Mohsin Hamid: So wirst du stinkreich im boomenden Asien

Translated from the English by Eike Schönfeld
DuMont Buchverlag 2013
(How to Get Filthy Rich in Rising Asia; Riverhead Books, New York 2013)

About the book

So wirst du stinkreich im boomenden Asien tells the astonishing and dramatic story of a man who transforms from a dirty and sickly boy from the impoverished countryside to a corrupt businessman, in the process spoofing the advice books that are read en masse by hopeful young men in Asia today. The nameless hero makes his first money in a huge city of millions, building up a veritable empire by trading in the most vital and precious good of all, water. He loses his heart to a young girl whose star ascends in parallel to his own. Again and again, their paths and fates cross. The hero of this rapidly told story could be any one of us, in search of a better life. Charged with tempo, this novel tells of moments of intimacy and stirring social transformations in the world of today.

Mohsin Hamid, © Jillian Edelstein

About the author

Mohsin Hamid, born in 1971 and raised in Lahore, Pakistan, studied law at Harvard and literature at Princeton. After living in New York and London, Hamid now lives once again in Lagore. He writes regularly for the Guardian, the New York Times, the Financial Times, the New Yorker, Paris Review, Outlook India, and Granta. His novels have been translated into over thirty languages. The Reluctant Fundamentalist was shortlisted for the Man Booker Prize and was recently filmed by Mira Nair. Moth Smoke was awarded the Betty Trask Award and named one of the most important books of 2000 by the New York Times.

Recent publications:
Discontent and its Civilizations: Dispatches from Lahore, New York, and London
(Riverhead, New York 2015)

Der Fundamentalist, der keiner sein wollte
Hoffmann und Campe 2007, trans. by Eike Schönfeld
(The Reluctant Fundamentalist, Riverhead 2007)

DuMont 2013, trans. by Thomas Mohr
(Moth Smoke, Farrar, Straus, and Giroux New York 2000)

Eike Schönfeld, Photo: private

About the translator

Eike Schönfeld, born in 1949, has been translating from the English for over 25 years, including works by Shalom Auslander, Nicholson Baker, Saul Bellow, Jeffrey Eugenides, Jonathan Franzen, Daniel Mendelsohn, Steven Millhauser, Vladimir Nabokov, J. D. Salinger and Sloan Wilson. He has received numerous awards for his translations. In 2014, he and Nicholson Baker received the International Herman Hesse Award.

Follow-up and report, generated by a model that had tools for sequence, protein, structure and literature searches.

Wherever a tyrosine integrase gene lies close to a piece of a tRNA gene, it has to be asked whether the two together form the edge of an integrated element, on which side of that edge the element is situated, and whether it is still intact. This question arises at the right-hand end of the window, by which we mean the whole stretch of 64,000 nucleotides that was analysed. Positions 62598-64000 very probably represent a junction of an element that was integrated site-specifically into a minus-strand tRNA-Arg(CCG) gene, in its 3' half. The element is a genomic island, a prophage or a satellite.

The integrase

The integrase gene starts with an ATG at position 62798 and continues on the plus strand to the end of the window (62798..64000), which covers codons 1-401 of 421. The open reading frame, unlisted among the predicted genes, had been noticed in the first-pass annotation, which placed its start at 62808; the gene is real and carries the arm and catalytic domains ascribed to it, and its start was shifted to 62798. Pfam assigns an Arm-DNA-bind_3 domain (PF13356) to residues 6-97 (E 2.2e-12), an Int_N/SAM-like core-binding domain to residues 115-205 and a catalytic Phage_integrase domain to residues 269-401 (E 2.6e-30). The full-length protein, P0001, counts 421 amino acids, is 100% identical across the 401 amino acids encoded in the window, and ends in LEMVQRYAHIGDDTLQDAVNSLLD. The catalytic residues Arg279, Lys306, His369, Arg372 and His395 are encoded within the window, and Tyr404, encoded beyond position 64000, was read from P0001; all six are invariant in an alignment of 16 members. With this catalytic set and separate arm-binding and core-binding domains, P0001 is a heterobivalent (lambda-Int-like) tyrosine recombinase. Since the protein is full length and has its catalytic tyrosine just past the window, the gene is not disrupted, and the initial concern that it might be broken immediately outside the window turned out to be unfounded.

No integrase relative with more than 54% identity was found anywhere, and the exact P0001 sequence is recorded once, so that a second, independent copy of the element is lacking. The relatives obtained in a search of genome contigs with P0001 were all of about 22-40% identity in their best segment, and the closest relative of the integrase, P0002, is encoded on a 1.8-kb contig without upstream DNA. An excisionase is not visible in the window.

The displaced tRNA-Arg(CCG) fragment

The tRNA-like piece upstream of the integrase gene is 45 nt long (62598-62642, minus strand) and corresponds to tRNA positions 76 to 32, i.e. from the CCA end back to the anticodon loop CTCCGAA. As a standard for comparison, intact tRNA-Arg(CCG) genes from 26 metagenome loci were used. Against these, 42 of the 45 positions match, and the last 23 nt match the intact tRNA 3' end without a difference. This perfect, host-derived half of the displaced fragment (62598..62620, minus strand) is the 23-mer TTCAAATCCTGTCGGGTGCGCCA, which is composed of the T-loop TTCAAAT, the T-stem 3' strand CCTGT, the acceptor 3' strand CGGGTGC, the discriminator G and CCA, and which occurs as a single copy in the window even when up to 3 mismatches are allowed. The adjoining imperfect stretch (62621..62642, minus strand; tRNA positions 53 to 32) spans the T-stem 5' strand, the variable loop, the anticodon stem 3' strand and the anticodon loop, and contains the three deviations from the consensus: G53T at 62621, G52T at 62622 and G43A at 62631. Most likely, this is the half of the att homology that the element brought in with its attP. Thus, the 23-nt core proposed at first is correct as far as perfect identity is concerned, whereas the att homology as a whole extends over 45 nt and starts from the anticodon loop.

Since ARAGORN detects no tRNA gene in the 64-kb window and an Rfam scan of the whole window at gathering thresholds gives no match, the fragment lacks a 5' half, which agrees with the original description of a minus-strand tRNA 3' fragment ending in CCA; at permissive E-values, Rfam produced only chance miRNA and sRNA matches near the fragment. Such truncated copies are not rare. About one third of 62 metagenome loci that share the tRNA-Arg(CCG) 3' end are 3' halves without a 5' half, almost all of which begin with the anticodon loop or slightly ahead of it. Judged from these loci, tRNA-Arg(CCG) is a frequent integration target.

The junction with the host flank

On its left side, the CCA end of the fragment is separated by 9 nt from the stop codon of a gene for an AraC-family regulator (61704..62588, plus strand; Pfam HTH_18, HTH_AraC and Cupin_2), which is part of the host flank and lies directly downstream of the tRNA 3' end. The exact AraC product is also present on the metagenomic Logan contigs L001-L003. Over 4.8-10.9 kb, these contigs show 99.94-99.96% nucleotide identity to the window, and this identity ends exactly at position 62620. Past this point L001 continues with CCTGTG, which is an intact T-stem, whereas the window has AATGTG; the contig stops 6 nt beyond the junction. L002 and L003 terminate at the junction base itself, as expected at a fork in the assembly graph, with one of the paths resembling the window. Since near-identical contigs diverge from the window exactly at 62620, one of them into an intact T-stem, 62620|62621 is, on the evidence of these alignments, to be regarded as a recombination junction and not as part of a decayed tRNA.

Recent publications:
Nick Cave: Das Spucktütenlied
Kiepenheuer & Witsch 2016, trans. by Eike Schönfeld
(The Sick Bag Song; Canongate Books, 2016)

Jonathan Franzen: Unschuld
Rowohlt 2015, aus dem Englischen von Eike schönfeld und Bettina Abarbanell
(Purity; Farrar, Straus and Giroux, New York 2015)

Ryan Gebhart: Bärenschwur
Aladin 2015, trans. by Eike Schönfeld
(There will be bears, Candlewick Press, Somerville 2014)

Nicholson Baker: So geht‘s: Essays
Rowohlt 2015, trans. by Eike Schönfeld
(The Way the World Works: Essays, Simon & Schuster, New York 2012)

Charles Dickens: Der Weihnachtsabend: genauer, eine weihnachtliche Gespenstergeschichte
Insel Verlag 2014, trans. by Eike Schönfeld
(A Christmas Carol, 1843)

Richard Yates: Eine gute Schule
btb Verlag 2014, trans. by Eike Schönfeld
(A Good School, 1978)

Oscar Wilde: Das Bildnis des Dorian Gray
Insel Verlag 2014, trans. by Eike Schönfeld
(Picture of Dorian Gray, 1890)

The jury on the short list nomination

“Twelve chapters, twelve bits of advice, and the rise of a jaundice-faced country boy to a multimillionaire. The American dream, Asian style. Hamid’s fake of a self-help book tells of the bitter struggle of people on the Indian subcontinent for a better life, where love, dignity, and humanity are sacrificed at the altar of urbanization and globalization in the name of success. The humor and irony of the original were wonderfully captured in this translation by Eike Schönfeld.”